Ryan O'Hara:

Look for these things when you're reading when you're reading about your prospects. Before you get into a meeting with someone, add all those people in LinkedIn, read what they posted, look at where they worked. True story with Bruce. I was at a booth next to him at a conference for a whole week, for three days. It was at the Leadership Conference in Chicago. And on the first day, he told us about this stuff, and my mind was blown. The third day, I came in, he's like, "I'm going to look at your LinkedIn profile and see if I can figure out." He looked at my LinkedIn Profile. He knew when my parents got divorced. He knew how happy I was in a job and when I started to get unhappy in a job. He knew all these things from language on my LinkedIn about how I wrote about stuff. So, if you look and research the people that you're getting into meetings with, you're going to be in a much better place to tailor that presentation toward them.

Ryan O'Hara:

So, the DISC part's part of it. What else makes a good sales presentation when you're just like... Obviously you don't want to just slide deck. You want to try and make it a little bit more interactive and stuff. How do you wedge that in when you're selling to the mid-market?

Mary Grothe:

Always list the prospect's words up on the screen. One of the techniques that I use during discovery is writing down quotes from people. And then-

Ryan O'Hara:

Wait, can you repeat that tip? That's awesome. Say that again. That's a great-

Mary Grothe:

I put the prospect's words on the screen. So, what they tell me during discovery, I write it down with quotations and put who said it, and then it ends up... So, I had one executive that told me they wanted to be voted into a best company to work for in Orange County. They said, "Our goal with this entire project is to create employee engagement and have a culture where we are voted as one of the top companies to work for," something like that. One of the best workplaces. And that was important to him. It was one tiny little comment. It took up 1/100th of our time together in the sales process. But when we came back to do the sales presentation, that was on the front page. And it had their company voted as top company to work for for 2020.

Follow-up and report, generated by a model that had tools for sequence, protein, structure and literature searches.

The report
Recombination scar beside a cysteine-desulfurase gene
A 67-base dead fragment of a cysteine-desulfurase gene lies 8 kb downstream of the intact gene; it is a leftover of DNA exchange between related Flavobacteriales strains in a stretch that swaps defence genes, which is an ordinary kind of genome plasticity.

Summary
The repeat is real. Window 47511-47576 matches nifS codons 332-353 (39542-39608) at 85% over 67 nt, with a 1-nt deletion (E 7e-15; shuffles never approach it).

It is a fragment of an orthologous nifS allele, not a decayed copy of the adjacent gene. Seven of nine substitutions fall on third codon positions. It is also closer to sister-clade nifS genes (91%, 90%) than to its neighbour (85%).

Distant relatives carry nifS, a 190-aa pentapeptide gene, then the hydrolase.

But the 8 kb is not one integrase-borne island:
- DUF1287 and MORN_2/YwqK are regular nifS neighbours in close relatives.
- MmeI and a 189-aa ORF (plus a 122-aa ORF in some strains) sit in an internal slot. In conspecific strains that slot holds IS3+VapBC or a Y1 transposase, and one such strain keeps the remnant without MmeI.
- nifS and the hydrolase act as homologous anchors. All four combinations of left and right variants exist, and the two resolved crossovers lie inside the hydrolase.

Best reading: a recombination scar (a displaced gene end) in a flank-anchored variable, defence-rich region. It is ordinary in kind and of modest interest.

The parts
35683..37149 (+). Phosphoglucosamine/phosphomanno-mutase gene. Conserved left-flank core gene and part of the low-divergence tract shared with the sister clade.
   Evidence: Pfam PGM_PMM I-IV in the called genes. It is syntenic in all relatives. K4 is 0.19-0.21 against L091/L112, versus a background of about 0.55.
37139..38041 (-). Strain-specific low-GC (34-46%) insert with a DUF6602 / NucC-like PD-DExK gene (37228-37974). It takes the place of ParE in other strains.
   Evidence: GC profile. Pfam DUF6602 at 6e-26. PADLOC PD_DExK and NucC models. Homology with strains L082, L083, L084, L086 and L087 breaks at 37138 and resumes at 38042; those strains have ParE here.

Mary Grothe:

The reason why that's so powerful is, the buyer, when they can start to visualize, that's when you know they're emotionally connecting to an outcome that you might be able to provide them. But, I would also, when I would get to list of requirements, I would put in people's quotes. Here's what happens. Just as when you say someone's name, when I say Ryan, you perk up, and it's emotional to you because it's your name and it connections and it feels important. Just like when you say someone's title, they're like, "Oh, CEO. Well, I'm a CEO." And there's a lot behind being a CEO, and a lot of accomplishments and ego and whatnot that go behind that, and it's a prideful thing, like I just heard that. When they see that you took the time to listen to them to the extent that you wrote down what they said verbatim and it shows up in your problem statements of the problem that you're going to solve, the emotional connection that's created also, here's what happens.

Mary Grothe:

When you put up a generic slide with bullet points that your marketing department, and this is not a negative thing with marketing, because we create these for our clients too, there's messaging that should be set standard across the different verticals or types of companies, the different ICPs and personas that you serve, and it should be there. But the salesperson needs to take it upon themselves to edit the line items. You can leave some of the canned pieces in there if they're important and relevant and will resonate with the buyer, but you need to add in line items that the prospect is going to go, "Oh my gosh, we need to do this. They just get us. They understand." When they see their words on the screen, the emotional connection will be unlike anything else.

Ryan O'Hara:

Mary, do you also... So, you said you can use some of the stock stuff you might have. Maybe one way to do that, if you're listening to this, is when you're putting together a deck for someone, maybe you have one slide that's what you hear from other customers in the other industry, and then one that's just... Like, this is what we normally hear from people that are like you, and then the next slide is like, this is what I heard literally from people here that work here. Maybe it's not a bad way to do it, right?

Mary Grothe: